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In the initial version of Obamacare, there was a provision in which if someone wanted to have a voluntary counseling session with a doctor about end-of-life care, discussing things like advanced directives, then Medicare would pay for that session. Somehow that was twisted by opponents of the bill into a claim that there were Death Panels, government boards that would choose whether you live or die.

My question is, was an end-of-life counseling provision kept in the final version of the bill? Some sources I've seen say that Democrats took it out of the bill, just to try to stop the lie about Death Panels. But other sources I've seen said that a weakened version of it was kept, in which rather than a separate counseling session, patients had the option of talking to the doctor about end-of-life care as part of their yearly Medicare checkup.

Can anyone clarify which of these is right?

Any help would be greatly appreciated.

Thank You in Advance.

  • It's interesting that if user18 posted a question that baselessly accused someone of lying for partisan reasons, it'd have been downvoted to oblibion. This question, which doesn't even attempt to hide its bias, gets +3. – user4012 Dec 22 '13 at 19:14
  • For the record, the Death Panels idea was mostly due to the simple logical conclusion that Obamacare will lead to health care rationing. To quote that uber-hard-right-wing consevative, H. Dean: "IPAB is... essentially a health-care rationing body." – user4012 Dec 22 '13 at 19:17
  • Oh, here's another conservartive thinker, along same lines: theblaze.com/stories/2013/02/22/… – user4012 Dec 22 '13 at 19:21
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    @DVK I didn't speculate about why they lied, I just mentioned the fact that they lied, which is pretty firmly established. It was, after all, Politifact's Lie of the Year: www.politifact.com/truth-o-meter/article/2009/dec/18/politifact-lie-year-death-panels/ – Keshav Srinivasan Dec 22 '13 at 20:14
  • just because politifact doesn't bother looking at, y'know, facts (see quotes above) isn't my problem. The point is that whether counceling was or wasn't in the final version has nothing to do with your clearly biased wording, yet you get upvotes since it makes Rs look bad. Any question where the wording - no matter how relevant - makes Dems look bad gets a wave of downvotes, for "bias" – user4012 Dec 22 '13 at 20:33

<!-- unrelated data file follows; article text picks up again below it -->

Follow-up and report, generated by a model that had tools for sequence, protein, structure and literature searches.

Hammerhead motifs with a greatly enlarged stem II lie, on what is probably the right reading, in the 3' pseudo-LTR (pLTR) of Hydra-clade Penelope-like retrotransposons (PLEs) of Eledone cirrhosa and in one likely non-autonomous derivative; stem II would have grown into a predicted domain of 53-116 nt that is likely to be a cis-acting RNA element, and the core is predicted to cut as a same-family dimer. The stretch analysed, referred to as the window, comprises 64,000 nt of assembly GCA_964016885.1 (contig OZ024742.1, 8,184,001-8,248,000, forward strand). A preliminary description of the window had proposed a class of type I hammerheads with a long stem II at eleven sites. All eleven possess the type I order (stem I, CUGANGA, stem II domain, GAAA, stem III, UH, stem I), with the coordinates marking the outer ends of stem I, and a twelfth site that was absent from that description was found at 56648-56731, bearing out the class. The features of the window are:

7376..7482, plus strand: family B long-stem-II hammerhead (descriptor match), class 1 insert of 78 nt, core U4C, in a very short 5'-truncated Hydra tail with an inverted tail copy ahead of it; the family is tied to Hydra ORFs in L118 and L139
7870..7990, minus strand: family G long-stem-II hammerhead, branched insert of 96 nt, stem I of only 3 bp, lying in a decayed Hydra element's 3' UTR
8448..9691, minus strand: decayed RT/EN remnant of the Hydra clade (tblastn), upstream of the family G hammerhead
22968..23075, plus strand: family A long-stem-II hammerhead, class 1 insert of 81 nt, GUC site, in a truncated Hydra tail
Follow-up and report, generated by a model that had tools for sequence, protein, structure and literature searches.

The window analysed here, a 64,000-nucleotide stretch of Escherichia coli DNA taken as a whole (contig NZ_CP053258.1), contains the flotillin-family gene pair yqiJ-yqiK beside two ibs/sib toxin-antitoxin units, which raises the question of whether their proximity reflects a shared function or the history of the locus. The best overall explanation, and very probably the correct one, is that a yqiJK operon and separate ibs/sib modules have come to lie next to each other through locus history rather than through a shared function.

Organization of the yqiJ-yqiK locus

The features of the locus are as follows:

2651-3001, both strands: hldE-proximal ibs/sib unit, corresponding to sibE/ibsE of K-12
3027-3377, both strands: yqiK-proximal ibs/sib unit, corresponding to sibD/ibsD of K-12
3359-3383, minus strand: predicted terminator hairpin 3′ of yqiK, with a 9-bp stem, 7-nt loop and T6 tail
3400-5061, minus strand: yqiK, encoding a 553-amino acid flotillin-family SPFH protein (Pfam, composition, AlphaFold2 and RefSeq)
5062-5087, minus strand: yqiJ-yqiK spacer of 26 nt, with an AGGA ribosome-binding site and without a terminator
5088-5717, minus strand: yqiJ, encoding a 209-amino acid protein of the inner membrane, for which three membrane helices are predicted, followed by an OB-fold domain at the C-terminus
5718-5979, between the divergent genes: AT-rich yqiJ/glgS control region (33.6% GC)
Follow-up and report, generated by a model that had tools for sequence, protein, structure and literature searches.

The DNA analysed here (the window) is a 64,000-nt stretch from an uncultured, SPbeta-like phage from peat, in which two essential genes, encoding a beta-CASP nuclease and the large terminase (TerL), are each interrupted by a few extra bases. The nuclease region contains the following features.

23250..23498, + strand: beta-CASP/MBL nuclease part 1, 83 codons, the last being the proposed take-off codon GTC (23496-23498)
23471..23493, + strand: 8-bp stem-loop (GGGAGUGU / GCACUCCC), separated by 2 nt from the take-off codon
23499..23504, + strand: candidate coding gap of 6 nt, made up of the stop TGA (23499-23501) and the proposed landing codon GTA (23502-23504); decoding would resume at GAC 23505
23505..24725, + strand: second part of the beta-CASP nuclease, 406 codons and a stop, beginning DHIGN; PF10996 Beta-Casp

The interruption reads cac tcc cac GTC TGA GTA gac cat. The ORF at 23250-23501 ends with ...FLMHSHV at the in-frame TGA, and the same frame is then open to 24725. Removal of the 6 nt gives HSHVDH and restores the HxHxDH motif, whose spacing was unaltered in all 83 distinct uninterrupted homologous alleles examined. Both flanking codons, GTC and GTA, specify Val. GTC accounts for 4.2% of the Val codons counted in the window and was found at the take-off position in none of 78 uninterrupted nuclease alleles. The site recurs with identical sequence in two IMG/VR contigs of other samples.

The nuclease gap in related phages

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From what I can tell, the provision was omitted. From wikipedia:

Due to public concern, the provision to pay physicians for providing voluntary counseling was removed from the Senate bill and was not included in the law that was enacted, the 2010 Patient Protection and Affordable Care Act.

Apparently there was regulation that would allow medicare to cover end-of-life consultations during annual check-ups, but those regulations lasted only a few days:

In late December 2010, it was reported that a new Medicare regulation had been approved that would pay for end-of-life care consultations during annual physical exams. The regulation was to be effective January 1, 2011,[13] but was deleted on January 4 for political reasons.

The New York Times article to which wikipedia links suggests that it was removed to make the bill easier to defend from anticipated attacks by the Republican majority in the House of Representatives elected in 2010:

While administration officials cited procedural reasons for changing the rule, it was clear that political concerns were also a factor. The renewed debate over advance care planning threatened to become a distraction to administration officials who were gearing up to defend the health law against attack by the new Republican majority in the House.

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